Tag Archives: UK

NW, Zadie Smith (Penguin, 2013)

An experimental novel that is as unpredictable as the UK’s capital of diversity, inequality and loneliness


Zadie Smith tells the stories of Nathan, Felix, Keisha (later Natalie) and Leah, all of whom, the author included, grew up in the North-West of London. Despite their shared origins, each character will go on to live different lives in this Dubliners-esque tale.

The word tale would actually be disrespectful to Smith’s prowess, as she proves with NW that she is in fact a master of realism. She clearly has an excellent understanding of human day-to-day life and behaviour. Nonetheless, in a novel whose aim seems to be to put a name and a face to the people we walk past every day on the tube, the bus and the streets of London, the characters are a little transparent and difficult to picture.

Despite this, the novel is fast-paced, mirroring life in the capital, and there is never a dull moment, with the author switching with ease between the points of view and perspectives of multiple characters. You will have to be on your toes reading NW, as it is sometimes easy to lose track and get lost.

In terms of genre, this one is very hard to define. Some would say it contains elements of post-modernism, but it is not as simple as that, and I have a feeling that the author would not like to be given a label. This is simply Zadie Smith; it is her genre, and it is fresh and revolutionary.

On the whole, NW is extremely thought-provoking novel that proves life – work, relationships, surviving – is difficult regardless of your situation. We do however witness a clear North-South divide in a novel that makes us question life as a whole.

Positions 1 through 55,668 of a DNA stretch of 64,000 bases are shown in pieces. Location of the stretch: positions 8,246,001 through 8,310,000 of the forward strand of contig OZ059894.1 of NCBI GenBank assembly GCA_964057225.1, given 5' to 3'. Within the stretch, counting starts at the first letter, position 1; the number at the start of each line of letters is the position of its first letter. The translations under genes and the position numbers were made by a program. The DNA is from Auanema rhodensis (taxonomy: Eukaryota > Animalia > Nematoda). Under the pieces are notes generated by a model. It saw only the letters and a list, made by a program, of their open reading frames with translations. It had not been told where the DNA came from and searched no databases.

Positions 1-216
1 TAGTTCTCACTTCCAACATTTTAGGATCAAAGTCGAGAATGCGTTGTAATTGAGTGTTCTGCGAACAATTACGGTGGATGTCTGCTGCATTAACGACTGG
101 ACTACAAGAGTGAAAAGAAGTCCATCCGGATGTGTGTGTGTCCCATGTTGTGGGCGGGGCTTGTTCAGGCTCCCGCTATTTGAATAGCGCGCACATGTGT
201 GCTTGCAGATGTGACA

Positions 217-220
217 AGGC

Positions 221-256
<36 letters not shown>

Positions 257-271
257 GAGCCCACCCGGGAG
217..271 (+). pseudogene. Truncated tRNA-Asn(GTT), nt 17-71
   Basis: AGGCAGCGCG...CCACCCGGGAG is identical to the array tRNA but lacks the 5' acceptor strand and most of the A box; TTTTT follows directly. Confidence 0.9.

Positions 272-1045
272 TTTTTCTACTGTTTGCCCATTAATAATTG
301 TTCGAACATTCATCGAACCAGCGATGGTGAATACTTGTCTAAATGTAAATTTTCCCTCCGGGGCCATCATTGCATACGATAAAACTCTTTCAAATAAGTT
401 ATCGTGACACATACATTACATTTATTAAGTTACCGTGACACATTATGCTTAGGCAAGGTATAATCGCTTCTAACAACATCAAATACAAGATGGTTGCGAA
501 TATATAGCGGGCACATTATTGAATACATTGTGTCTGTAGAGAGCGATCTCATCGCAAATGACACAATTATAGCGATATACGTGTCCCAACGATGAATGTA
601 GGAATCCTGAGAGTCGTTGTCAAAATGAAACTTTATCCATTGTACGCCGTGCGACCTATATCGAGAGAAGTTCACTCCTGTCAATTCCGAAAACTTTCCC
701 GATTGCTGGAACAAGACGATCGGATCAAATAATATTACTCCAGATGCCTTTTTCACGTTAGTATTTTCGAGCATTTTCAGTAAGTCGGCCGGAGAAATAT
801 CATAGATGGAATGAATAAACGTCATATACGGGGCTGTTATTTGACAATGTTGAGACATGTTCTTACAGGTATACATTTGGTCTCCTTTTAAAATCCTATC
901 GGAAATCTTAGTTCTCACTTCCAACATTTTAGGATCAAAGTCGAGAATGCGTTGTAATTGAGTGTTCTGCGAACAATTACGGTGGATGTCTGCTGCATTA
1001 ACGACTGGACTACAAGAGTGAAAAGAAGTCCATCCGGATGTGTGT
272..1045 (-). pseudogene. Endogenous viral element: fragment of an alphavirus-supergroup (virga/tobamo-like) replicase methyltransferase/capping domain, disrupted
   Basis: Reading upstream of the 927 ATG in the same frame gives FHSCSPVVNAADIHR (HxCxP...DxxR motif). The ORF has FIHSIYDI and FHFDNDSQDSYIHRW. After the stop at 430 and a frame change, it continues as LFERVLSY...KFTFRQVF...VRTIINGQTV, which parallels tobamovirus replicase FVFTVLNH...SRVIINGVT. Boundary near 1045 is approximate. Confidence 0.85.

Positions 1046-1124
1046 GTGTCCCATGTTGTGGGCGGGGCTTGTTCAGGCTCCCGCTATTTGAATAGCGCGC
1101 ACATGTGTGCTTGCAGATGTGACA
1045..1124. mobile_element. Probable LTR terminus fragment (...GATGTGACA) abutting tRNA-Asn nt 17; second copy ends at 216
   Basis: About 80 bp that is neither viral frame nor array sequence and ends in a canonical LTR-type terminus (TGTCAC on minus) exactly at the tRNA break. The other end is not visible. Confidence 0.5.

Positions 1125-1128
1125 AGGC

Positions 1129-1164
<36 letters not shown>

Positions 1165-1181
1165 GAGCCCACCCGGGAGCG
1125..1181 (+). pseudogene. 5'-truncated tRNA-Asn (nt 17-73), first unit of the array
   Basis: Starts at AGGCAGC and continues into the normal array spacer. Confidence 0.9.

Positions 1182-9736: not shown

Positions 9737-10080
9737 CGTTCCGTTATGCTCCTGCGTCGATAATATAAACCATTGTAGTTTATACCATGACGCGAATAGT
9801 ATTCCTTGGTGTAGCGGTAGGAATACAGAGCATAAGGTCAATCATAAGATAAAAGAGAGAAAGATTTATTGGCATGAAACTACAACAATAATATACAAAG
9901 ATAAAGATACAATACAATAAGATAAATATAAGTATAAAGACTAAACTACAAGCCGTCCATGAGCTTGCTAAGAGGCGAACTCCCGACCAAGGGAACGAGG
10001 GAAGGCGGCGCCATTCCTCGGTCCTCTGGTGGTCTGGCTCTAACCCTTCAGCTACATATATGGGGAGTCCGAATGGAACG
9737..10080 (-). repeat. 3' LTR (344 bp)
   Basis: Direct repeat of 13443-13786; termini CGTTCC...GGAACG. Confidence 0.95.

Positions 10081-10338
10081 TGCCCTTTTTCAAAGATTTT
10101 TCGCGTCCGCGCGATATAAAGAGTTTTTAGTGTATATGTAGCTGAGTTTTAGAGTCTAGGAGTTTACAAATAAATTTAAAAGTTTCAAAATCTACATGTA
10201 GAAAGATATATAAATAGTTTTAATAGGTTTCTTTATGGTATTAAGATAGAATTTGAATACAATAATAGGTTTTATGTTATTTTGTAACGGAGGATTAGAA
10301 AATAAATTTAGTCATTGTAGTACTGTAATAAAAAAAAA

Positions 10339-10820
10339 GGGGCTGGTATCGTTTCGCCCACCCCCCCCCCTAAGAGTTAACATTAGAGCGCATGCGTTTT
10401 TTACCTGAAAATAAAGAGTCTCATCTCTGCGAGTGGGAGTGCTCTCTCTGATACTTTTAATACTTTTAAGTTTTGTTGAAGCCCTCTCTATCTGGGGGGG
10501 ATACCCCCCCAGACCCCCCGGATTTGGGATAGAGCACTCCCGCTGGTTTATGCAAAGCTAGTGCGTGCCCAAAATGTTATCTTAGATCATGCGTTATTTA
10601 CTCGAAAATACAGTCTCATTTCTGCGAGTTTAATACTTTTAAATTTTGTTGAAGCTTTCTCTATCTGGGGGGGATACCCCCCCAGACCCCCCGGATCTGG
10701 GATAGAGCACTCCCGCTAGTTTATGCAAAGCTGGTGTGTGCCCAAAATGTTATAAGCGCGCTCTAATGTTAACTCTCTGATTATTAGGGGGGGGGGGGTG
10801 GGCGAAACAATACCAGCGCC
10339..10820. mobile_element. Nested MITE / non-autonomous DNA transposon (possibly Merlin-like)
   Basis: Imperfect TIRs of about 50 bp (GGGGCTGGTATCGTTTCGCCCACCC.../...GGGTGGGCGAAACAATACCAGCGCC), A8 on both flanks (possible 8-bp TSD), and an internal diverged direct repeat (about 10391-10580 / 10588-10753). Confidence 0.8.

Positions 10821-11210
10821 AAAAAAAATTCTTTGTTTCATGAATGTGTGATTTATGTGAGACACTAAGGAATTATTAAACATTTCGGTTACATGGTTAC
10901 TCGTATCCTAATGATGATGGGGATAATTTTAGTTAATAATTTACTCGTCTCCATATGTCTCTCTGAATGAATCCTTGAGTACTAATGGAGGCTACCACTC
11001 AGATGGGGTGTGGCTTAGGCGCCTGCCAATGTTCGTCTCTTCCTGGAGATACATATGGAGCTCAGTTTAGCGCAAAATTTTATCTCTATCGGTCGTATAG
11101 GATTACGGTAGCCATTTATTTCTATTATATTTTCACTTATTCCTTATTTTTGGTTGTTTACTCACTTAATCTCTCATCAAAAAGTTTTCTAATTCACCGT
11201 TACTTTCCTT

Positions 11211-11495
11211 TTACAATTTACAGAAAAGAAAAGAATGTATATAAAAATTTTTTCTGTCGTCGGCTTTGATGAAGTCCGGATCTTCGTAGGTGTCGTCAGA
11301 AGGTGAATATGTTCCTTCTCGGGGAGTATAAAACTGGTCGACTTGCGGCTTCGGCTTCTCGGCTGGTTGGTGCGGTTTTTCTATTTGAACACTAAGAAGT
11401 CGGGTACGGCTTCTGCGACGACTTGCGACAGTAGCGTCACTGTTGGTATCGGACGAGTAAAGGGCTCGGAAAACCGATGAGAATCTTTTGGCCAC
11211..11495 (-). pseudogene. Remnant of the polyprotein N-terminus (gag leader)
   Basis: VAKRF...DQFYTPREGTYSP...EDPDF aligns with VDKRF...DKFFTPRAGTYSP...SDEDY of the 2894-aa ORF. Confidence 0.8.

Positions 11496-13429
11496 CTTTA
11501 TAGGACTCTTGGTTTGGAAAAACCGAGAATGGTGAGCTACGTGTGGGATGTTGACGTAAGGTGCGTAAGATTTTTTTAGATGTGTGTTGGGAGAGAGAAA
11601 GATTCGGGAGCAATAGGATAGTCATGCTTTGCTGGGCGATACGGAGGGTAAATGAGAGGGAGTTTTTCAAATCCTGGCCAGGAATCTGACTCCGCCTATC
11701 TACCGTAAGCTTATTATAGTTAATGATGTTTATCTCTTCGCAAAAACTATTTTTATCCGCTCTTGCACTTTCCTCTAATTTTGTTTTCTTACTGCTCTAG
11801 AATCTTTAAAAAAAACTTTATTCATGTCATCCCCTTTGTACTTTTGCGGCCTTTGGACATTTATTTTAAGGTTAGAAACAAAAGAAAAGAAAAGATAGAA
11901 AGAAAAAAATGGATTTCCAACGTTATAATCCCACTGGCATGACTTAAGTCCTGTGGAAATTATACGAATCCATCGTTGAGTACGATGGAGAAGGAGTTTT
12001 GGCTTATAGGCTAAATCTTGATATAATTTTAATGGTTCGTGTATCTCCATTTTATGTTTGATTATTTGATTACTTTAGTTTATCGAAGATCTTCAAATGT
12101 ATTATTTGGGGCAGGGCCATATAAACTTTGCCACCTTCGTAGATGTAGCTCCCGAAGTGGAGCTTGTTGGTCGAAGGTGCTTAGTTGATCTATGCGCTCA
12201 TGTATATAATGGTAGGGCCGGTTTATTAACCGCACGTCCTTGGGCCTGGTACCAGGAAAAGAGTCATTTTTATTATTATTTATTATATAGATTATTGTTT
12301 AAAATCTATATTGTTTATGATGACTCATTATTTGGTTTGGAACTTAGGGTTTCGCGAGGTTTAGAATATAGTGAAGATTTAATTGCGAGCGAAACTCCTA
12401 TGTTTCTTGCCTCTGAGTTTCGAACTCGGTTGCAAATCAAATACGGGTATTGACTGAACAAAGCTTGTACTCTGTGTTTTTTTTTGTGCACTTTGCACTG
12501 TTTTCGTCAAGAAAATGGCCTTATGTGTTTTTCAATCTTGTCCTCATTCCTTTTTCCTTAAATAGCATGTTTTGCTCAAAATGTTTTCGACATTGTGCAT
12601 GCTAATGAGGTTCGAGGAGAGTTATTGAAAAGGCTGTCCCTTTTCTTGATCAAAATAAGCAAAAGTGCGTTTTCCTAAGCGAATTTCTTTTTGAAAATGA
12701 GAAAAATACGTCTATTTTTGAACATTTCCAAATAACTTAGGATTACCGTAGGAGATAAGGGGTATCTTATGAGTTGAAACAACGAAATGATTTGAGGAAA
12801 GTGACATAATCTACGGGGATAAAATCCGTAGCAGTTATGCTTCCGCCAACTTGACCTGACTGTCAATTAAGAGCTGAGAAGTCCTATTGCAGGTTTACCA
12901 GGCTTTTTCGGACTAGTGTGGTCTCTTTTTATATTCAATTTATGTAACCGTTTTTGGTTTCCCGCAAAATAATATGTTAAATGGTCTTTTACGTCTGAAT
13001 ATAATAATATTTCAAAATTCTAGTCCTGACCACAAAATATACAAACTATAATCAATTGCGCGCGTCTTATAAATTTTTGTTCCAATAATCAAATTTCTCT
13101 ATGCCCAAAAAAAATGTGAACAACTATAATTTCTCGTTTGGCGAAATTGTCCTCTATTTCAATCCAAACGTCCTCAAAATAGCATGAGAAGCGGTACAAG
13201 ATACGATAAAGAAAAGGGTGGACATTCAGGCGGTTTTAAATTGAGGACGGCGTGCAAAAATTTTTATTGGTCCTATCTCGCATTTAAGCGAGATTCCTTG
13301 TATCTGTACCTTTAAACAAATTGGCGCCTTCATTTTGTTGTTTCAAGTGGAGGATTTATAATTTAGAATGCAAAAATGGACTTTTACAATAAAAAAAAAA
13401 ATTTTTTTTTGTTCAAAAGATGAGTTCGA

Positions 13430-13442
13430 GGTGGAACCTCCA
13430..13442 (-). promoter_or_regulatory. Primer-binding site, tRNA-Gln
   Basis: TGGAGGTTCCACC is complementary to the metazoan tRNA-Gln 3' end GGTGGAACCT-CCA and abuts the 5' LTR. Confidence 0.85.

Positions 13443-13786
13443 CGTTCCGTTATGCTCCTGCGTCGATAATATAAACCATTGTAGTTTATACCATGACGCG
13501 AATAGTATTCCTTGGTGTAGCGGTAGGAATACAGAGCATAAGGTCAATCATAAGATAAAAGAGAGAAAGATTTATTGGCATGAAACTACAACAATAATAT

Are we doomed by our backgrounds? Do our upbringings determine our futures? What choices do we really have in life? And is it the survival of the fittest in this concrete jungle?

3.5 Books


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Filed under Drama

One Day, David Nicholls (Hodder, 2010)

Featured in online newspaper ‘Arthur’s Daily Book News’

One Day

Dex & Em; Em & Dex. The couple get together on 15th July in 1988, the night of their graduation. On the same date, over the next 20 years, we visit the two protagonists in a non-linear, and almost epistolary, narrative style, reminiscent of Niffenegger’s The Time Traveler’s Wife.

Dexter Mayhew, now a television presenter, lives a cavalier lifestyle and thrives upon a cocktail of sexual affairs, drugs and alcohol. As a reader, one of the most difficult decisions will be whether or not to feel sympathy for Dexter, who finds difficulty in dealing with the pressure of fame and the eventual fall into obscurity.

Hard-working Emma Morley battles confidence and self-belief in her dream of becoming a successful writer; meanwhile, she finds work as a primary school teacher and has an unfortunate string of hopeless boyfriends.

You will find yourself desperately hoping that Emma and Dexter will be together, a couple who are simply meant for each other. Nicholls’ writing expertise shines through in this masterpiece, which will tug at your heart strings and leave you with a tear in your eye. By the way, try to avoid watching the movie adaptation beforehand, in order to avoid spoiling the twists and turns of this emotionally turbulent novel.

Nicholls more than establishes himself as a master of romance fiction with One Day, simultaneously displaying his great sense of humour, which will have you laughing out loud. This is more than can be said for Ian, one of Emma’s boyfriends, and a relentlessly awful comedian.

I feel that One Day would have benefited from a more consistent use of the present tense; at times, the story lost its emphasis, whilst the flow of the normally effortless narrative was disrupted, as a result of it slipping into the past tense. Nonetheless, this is one of the finest romantic-comedy novels of the century, which, in the style of Nick Hornby, and High Fidelity in particular, also gives us an educative look into British life in the 90s. One Day – original, hilarious and heartbreaking – is destined to become a classic.

4.5 books


Filed under Comedy, Romance